If the meat from your Tonkotsu ramen is not enough then this will certainly fulfil your chashu dreams. Chashu-men is a type of Japanese noodle dish served with ramen noodles over a rich pork broth served with a copious amount of chashu.

The first time I had a real ramen many years ago, probably way back when I was a child the first thing, I noticed are the single or two slices of chashu pork over the top of the noodles. They were thinly sliced and for me it was more of a garnish rather than a main ingredient of the whole dish, I was just used to having larger chunks of meat on most dishes and this ham like slices of pork was something new to me. Before I thought, the restaurant we usually order our ramen was cost cutting its ingredients but when we visited Japan early 2017, they do it similarly there, thin slices of meat. It took me a while to digest this but after sometime I realised that for ramen the star ingredient are the noodles and the broth, it’s not about the meat, if you are after the meat them get a yakiniku or just order some extra slices of chashu.

Now moving to the future, one time I dined in a restaurant in Brisbane called Hakataya Ramen and was introduced this dish called Chashu Men. This literally was my solution to the issue I had with ramen when I was young, it’s a ramen with more meat, where the meat takes the centre stage with the broth and the noodles, it’s a ramen that provided the perfect balance between these three wonderful ingredients. Today we are making one at home, basically it just my Tonkotsu ramen recipe but served with more chashu.

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  • Author: Raymund
  • Prep Time: 20 mins
  • Cook Time: 6 hours
  • Total Time: 6 hours 20 mins
  • Yield: 6 1x
  • Category: Main Course
  • Cuisine: Japanese


Chashu-men is a type of Japanese noodle dish served with ramen noodles over a rich pork broth served with a copious amount of chashu.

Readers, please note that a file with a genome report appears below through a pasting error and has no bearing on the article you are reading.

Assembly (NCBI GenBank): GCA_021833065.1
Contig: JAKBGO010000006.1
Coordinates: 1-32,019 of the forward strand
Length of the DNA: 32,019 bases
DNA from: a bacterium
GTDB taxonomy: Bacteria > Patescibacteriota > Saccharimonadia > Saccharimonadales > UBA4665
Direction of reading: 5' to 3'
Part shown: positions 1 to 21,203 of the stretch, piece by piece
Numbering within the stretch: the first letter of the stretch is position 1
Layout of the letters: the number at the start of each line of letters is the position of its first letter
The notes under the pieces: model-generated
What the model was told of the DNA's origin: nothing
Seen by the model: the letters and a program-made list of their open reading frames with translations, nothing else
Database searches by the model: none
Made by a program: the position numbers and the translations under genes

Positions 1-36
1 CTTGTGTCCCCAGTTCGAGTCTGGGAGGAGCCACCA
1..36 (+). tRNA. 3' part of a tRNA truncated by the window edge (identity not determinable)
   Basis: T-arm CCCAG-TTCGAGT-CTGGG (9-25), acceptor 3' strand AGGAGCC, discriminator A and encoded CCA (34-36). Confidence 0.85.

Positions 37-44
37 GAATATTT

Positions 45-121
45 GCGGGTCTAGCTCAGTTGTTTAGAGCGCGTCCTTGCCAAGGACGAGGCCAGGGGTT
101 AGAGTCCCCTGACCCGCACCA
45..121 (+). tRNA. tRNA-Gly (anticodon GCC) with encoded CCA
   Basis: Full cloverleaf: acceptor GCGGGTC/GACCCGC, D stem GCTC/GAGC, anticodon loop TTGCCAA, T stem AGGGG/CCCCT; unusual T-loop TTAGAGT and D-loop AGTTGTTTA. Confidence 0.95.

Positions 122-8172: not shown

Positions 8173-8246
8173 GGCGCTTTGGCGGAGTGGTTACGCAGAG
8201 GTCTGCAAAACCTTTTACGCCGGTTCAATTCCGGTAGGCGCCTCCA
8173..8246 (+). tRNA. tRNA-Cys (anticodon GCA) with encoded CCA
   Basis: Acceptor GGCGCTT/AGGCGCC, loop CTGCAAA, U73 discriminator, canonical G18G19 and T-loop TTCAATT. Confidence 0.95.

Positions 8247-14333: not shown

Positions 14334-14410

Units Scale



  • 1 1/2 kg pork trotter
  • 1 kg pork bones
  • 1 large onion, roughly chopped
  • 1 whole garlic, minced
  • thumb sized ginger, sliced thinly
  • 2 pcs leeks, roughly chopped
  • 6 pcs dried shiitake mushrooms
  • oil
  • salt


  1. In a large stock pot add pork trotters and pork bones then fill it with water enough to cover everything. Bring it to a boil and continue to boil until the scum appears on top. Turn the heat off then drain.
  2. Clean the pork bones and trotters in running water removing any scum that is stuck on it.
  3. In clean stock pot add oil then sauté onion, garlic and ginger.
  4. Add the pork trotters, bones, leeks, dried shiitake mushrooms and salt. Fill it again with water enough to cover everything (roughly 4 to 5 litres), cover with heavy a lid then bring it to a boil.
  5. Once boiling reduce to simmering heat and simmer for 4 hours, check water levels making sure it does not dry out, adding water if necessary.
  6. After 4 hours, turn the heat off then strain the liquid using a fine sieve into a separate pot, reserve the bones. At this point you need to have at least 3 litres of stock if not add water. Place pot on stove top then bring it to a boil, once boiling lower to simmering heat.
  7. Scrape off the very tender fat and skin from the trotter bones until you have around 1 1/2 cups of tender pork skin. Place them in a bowl then using a hand blender puree them until smooth in consistency, pour this into the simmering soup.
  8. Continue to simmer the broth for 2 more hours, season with salt then turn heat off.
  9. Cook ramen noodles according to packet instructions.
  10. Place ramen noodles in a bowl then pour the pork broth, top with 6 pcs sliced Chashu pork, Boiled eggs, chopped spring onions and nori.


7 Responses

  1. suituapui says:

    I bet I would enjoy that! For a while, I thought it’s something like our char chu mee (fry & cook noodles). Sounds like char siew (barbecued pork) too…but no, they do not look the same.

  2. I want to eat all those pork slices! So tender and yummy :-)

  3. Hannah says:

    I was just planning on making a shiitake version of chashu, too! Thanks for this delicious inspiration.

  4. What a delicious recipe and pleasing-the-eye presentation!

  5. I have never had ramen — probably because in the U.S. it is all laden with garlic. I imagine that the real thing may have variations that dint include garlic — do you know?

  6. Julie says:

    OMG this looks delicious! I will try this out tonight! Thanks for sharing!

  7. Michelle says:

    This would be absolutely perfect for my meat-loving husband!! The chashu looks so good!

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